Among the items that USA Today's Kevin Allen believes are overreactions levied far too early in the 2015-16 NHL season:
Coach Bruce Boudreau is on the hot seat in Anaheim C’mon folks. This is a parity league, and even quality teams struggle on occasion. You wouldn’t even pay attention to their 0-2-1 stretch if this was the middle of January. The Ducks are in a scoring slump, probably caused by players trying to find chemistry with new teammates. Ryan Getzlaf and Corey Perry don’t have a point. Do you think the NHL has magically discovered how to stop that duo after a decade of domination? The Ducks are a contender. They have the necessary ingredients to make it happen. Boudreau will be judged by what happens next spring, not what happens in the first three games of the season.
The 1-3 Penguins are already in a world of hurt Let’s take a step back here and remember that the three teams that have defeated the Penguins are a combined 11-1, including the white-hot Canadiens. We know that Crosby is eventually going to score plenty, and the Pittsburgh power play will likely end up as one of the league’s best. The Penguins have given up an average of two goals per game in the four games. They would be thrilled with that goals-against average for an entire season. This is another team that is trying to figure out how to best use new personnel. It’s too early to assess where the Penguins are going this season.
Connor McDavid has been slow to adjust Now you understand why general manager Peter Chiarelli tried to tamp down the hype over this future superstar. Although McDavid has an overflowing amount of skill, he’s still an 18-year-old trying to find his way against the world’s best players. The lack of points (one goal) is not a shock to the Oilers. They understood that even budding superstars need time to sort out what works and what doesn’t. His point total will grow significantly as he gains experience. Don’t forget that he is not playing with a Stanley Cup contender. He is surrounded by players still exploring their own games. If you have watched McDavid in his first four games, you can see his potential dominance bubbling just below the surface. He always seems like he’s a half-second from a breakaway.
[Connor] McDavid hates losing.
Hates it. Which is a problem when you’re drafted to a team that, well, loses a lot.
They lost again on opening night in front of all those fans in all those McDavid jerseys, 4-2 to the St. Louis Blues. The power play sucked, going 0-for-5, to the point where coach Todd McLellan blamed it for the loss. McDavid played nearly five minutes with the man advantage, more than any forward outside of Ryan Nugent-Hopkins, but ended the game with no shots on goal and only three shot attempts.
“It’s obviously disappointing. We needed it to come up big tonight, and it didn’t again, so it’s something we gotta work on,” said McDavid after the game.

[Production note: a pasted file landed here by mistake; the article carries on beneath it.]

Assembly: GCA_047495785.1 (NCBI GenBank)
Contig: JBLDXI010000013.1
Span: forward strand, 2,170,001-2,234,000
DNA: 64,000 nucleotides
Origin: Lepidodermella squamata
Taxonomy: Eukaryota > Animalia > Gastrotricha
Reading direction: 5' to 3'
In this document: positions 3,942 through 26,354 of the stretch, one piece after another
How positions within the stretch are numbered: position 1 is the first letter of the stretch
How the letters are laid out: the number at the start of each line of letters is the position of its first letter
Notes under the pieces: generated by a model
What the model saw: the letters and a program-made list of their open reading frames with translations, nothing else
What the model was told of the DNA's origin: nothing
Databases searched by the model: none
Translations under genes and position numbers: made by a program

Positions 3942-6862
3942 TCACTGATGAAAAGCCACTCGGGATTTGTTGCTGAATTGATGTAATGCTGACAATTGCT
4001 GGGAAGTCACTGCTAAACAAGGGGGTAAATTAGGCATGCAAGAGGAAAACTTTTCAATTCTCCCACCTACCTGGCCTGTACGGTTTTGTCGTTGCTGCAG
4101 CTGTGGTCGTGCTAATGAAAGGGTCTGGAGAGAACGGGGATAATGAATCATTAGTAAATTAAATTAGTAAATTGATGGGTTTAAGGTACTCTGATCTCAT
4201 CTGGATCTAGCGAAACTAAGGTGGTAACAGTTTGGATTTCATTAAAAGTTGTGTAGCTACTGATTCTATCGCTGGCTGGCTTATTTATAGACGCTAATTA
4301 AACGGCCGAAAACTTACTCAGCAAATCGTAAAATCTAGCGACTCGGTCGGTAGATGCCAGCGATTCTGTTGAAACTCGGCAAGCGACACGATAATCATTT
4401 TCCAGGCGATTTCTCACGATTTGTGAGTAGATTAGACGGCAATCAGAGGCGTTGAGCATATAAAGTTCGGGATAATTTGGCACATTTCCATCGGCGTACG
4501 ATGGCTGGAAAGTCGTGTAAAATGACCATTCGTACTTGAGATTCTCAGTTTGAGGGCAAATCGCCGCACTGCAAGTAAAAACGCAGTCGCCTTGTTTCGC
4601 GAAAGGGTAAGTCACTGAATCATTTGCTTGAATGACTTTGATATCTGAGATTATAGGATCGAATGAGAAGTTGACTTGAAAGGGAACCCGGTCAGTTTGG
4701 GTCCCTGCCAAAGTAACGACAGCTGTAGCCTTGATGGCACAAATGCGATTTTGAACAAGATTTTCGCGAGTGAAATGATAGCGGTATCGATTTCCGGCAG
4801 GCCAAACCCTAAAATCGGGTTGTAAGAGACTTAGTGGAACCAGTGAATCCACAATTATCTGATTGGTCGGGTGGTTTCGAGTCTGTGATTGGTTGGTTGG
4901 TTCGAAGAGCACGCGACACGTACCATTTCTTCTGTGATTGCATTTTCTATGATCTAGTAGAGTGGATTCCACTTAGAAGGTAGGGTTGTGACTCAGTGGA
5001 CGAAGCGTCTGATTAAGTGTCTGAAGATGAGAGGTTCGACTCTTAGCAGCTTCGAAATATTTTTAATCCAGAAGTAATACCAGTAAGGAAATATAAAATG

His voice barely rose from a whisper in the Oilers’ locker room, and he wore the disappointment on his face. The fans came to see the Connor McDavid Show, and it was postponed: no points, no shots and a game-worst minus-3.
His coach pulled as many positives as he could.
“Against a heavy, strong, well-prepared defensive team, I saw him skating through the neutral zone with more pace and speed, creating some opportunities. Unfortunately for us, that line was on the ice for some goals against,” said McLellan. “He’s getting better every night. I don’t know how much pressure he’s feeling. I think I do. But I don’t really know how much he’s carrying with him. I’m sure that he feels that a large chunk of our 0-4 record falls on his shoulders.”
Edmonton Oilers rookie Connor McDavid joins Gene Principe to talk about scoring his first NHL goal and the pressure in looking for his first goal.
Edmonton lost to Dallas 4-2.
McDavid also had this hit on
from Gare Joyce of Sportsnet,
For the most part, professional sport is a system of seniority-driven, pay-your-dues hierarchies. The tag “rookie” connotes “unproven” and can hang out there almost as a pejorative. And the NHL might be the league that most marginalizes the last guy in the door. That thinking is there at the micro level: Veterans initiate rookies. And it’s there at the macro level: Entry-level players have to wait the longest to attain free agency and real market value—seven years of dues-paying before they get a sniff at it. For those who follow the game, from the stands or the press box, the history and the status quo exercise a powerful hold on conventional wisdom: No matter who you are, who you think you are or who people presume you to be, you have to earn it first.
This preamble leads us to the burning question: How high should a rookie place on a list of the NHL’s most important players before he has skated a single professional shift? McDavid is, after all, a mere teenager, one whose ball-hockey net is at this moment leaning against the garage of his family’s home in suburban Newmarket, Ont.; one who, on the eve of the NHL Combine this spring, went to his high school prom; one who seems bound and determined to be an average 18-year-old, or at least one with an A-student’s vocabulary. He looks not like the greats spread across these pages but rather a kid who would stand outside the arena, waiting to chase down their autographs.